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DOI 10.12887/31-2018-3-123-03



Fr. Dariusz DZIADOSZ – The Bible: The Book of Life, the Book of Law, and the Book of Covenant


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The author discusses the Hebrew Bible as a book, taking into consideration three pivotal research planes. Firstly, the Bible is scrutinized as a literary work in the context of the invention and development of writing in the ancient Middle East. Then the authority of the Bible, as well as its place in the culture of ancient Israel, is analyzed. Finally, in the concluding part of the paper, the author focuses on the Hebrew Bible as a most representative manifestation of monotheism.

The capability of expressing language by letters or other marks, paired with the concept of books as permanent records of the intellectual, social and religious culture of mankind, has been among the most evident manifestations of the development of civilization. Historians believe that it was the ancient civilizations of the Fertile Crescent, i.e., Mesopotamia, Egypt, and Syro-Palestine, that became the birthplace of writing and the ‘homeland’ of books. It was in that region that the first, initially simple, and in time more developed, alphabet systems originated, followed by the ascent of writing and books. Stone or clay cuneiform tablets, papyrus scrolls, parchment scrolls with texts written in Classical, or Square, Hebrew, and the first written codes preceded books as we know them today. While the contents of ancient books were varied, they tended to oscillate around economic and trade issues within and among the communities in question, the administrative and diplomatic problems state structures (mainly monarchies) of those times experienced, and questions regarding religion and cult in a very broad sense.

An analysis of the rich form and the diversified contents of ancient literary production from the perspective of today prompts the conclusion that the Hebrew Bible, which has exerted a significant influence on all the monotheistic religions, is among the most extensive and most valuable relics of social and religious writings dating back to the second and the first centuries before Christ. Yet, due to its literary richness and its religious and cultural originality, as well as the theological and legal novelties it introduced, the Hebrew Bible not only belongs among the most precious literary relics, but provides universal and stable reference in the process of shaping the cultural and religious identity of a human being.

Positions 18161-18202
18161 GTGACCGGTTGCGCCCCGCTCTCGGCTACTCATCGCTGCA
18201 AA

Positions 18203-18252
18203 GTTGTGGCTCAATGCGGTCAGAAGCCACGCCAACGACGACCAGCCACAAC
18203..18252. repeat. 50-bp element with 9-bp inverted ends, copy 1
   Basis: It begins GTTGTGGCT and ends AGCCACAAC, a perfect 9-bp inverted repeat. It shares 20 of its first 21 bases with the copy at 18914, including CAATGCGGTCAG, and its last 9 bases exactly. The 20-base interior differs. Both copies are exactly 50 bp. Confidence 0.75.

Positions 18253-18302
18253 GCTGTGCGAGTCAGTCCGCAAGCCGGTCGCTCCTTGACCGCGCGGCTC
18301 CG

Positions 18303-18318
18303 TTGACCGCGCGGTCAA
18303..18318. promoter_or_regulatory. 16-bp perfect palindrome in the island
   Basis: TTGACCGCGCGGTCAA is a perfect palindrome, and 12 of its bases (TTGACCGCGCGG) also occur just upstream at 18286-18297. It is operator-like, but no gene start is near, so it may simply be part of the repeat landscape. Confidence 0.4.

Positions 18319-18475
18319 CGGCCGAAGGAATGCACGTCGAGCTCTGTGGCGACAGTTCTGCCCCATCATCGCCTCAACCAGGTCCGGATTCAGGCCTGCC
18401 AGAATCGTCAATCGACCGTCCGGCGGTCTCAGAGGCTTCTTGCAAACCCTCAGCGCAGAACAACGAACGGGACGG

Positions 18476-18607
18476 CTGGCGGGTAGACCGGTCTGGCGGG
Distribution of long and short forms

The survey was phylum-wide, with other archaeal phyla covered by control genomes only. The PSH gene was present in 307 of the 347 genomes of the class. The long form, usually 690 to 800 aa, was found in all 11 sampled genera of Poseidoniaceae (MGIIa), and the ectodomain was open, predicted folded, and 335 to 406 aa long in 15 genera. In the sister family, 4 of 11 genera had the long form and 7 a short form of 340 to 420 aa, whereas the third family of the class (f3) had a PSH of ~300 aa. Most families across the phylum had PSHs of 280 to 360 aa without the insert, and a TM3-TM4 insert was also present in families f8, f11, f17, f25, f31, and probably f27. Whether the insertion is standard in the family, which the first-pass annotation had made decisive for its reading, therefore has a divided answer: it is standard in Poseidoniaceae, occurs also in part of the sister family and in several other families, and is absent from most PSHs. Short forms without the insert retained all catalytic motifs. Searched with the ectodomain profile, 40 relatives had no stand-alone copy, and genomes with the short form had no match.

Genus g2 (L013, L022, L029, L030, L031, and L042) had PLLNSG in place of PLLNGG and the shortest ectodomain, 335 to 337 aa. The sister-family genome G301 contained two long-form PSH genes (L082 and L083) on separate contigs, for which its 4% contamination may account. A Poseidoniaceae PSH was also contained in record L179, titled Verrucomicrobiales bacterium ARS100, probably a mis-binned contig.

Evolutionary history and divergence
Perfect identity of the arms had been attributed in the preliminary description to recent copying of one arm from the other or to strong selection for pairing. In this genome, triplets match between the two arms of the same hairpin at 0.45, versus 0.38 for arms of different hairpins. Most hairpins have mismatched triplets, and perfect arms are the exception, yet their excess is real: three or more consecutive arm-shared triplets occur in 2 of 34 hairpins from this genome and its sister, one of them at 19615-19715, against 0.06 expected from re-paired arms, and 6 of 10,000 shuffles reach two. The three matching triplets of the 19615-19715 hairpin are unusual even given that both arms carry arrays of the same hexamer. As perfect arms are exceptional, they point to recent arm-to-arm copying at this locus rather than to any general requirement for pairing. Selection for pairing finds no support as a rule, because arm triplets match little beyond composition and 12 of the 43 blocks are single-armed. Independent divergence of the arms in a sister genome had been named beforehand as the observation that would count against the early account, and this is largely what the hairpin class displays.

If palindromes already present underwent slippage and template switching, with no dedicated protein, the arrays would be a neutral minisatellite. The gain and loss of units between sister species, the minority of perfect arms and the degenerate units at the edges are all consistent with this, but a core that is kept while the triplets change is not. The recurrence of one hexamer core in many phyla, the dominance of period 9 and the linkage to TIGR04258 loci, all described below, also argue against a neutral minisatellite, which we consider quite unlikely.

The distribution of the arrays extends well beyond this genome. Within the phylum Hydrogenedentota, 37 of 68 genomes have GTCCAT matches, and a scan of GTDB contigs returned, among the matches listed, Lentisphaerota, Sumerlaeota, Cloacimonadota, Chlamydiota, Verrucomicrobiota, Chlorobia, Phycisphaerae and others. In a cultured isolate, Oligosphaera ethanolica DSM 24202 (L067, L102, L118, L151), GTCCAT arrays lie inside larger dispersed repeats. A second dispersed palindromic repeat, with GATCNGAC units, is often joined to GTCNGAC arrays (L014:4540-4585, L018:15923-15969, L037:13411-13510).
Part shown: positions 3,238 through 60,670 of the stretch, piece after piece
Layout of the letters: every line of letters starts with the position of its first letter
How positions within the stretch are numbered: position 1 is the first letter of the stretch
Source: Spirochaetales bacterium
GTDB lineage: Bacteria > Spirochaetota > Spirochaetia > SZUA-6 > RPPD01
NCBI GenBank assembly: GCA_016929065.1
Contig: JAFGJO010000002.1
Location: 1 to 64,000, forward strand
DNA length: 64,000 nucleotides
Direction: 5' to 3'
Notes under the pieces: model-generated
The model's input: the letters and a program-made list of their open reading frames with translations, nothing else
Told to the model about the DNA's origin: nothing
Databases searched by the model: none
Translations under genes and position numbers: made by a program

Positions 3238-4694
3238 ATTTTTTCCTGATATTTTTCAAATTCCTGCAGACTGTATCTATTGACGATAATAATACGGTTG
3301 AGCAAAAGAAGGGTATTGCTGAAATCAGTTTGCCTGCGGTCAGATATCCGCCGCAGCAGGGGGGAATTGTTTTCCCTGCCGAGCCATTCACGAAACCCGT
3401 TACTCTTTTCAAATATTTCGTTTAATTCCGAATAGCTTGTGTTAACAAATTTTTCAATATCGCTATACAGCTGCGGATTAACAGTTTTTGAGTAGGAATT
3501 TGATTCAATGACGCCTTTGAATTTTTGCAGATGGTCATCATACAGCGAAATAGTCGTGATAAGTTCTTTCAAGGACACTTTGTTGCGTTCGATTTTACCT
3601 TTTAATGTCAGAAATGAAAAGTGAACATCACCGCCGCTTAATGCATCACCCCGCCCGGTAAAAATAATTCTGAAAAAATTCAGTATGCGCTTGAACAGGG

Translated by Dorota Chabrajska         

Keywords: Hebrew Bible, Christian Bible, Books of the Bible, ancient Near Eastern literature, the Book of Law, the Book of Covenant, the Book of Life

 Contact: Chair of the Exegesis of Historical, Prophetic and Didactic Books of the Old Testament, Institute of the Biblical Studies, Faculty of Theology, John Paul II Catholic University of Lublin, Al. Racławickie 14, 20-950 Lublin, Poland
E-mail: dariuszdzi@op.pl
http://www.kul.pl/ks-dr-hab-dariusz-dziadosz,art_446.html



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  1. ISSN 0860-8024
  2. The Republic of Poland Ministry of Science and Higher Education Value: 20.00
  3. Quarterly “Ethos” is indexed by the following databases: EBSCO, CEEOL, Index Copernicus (ICV 2017: 55.26), Philosopher’s Index, ERIH Plus.
  4. DOI Prefix 10.12887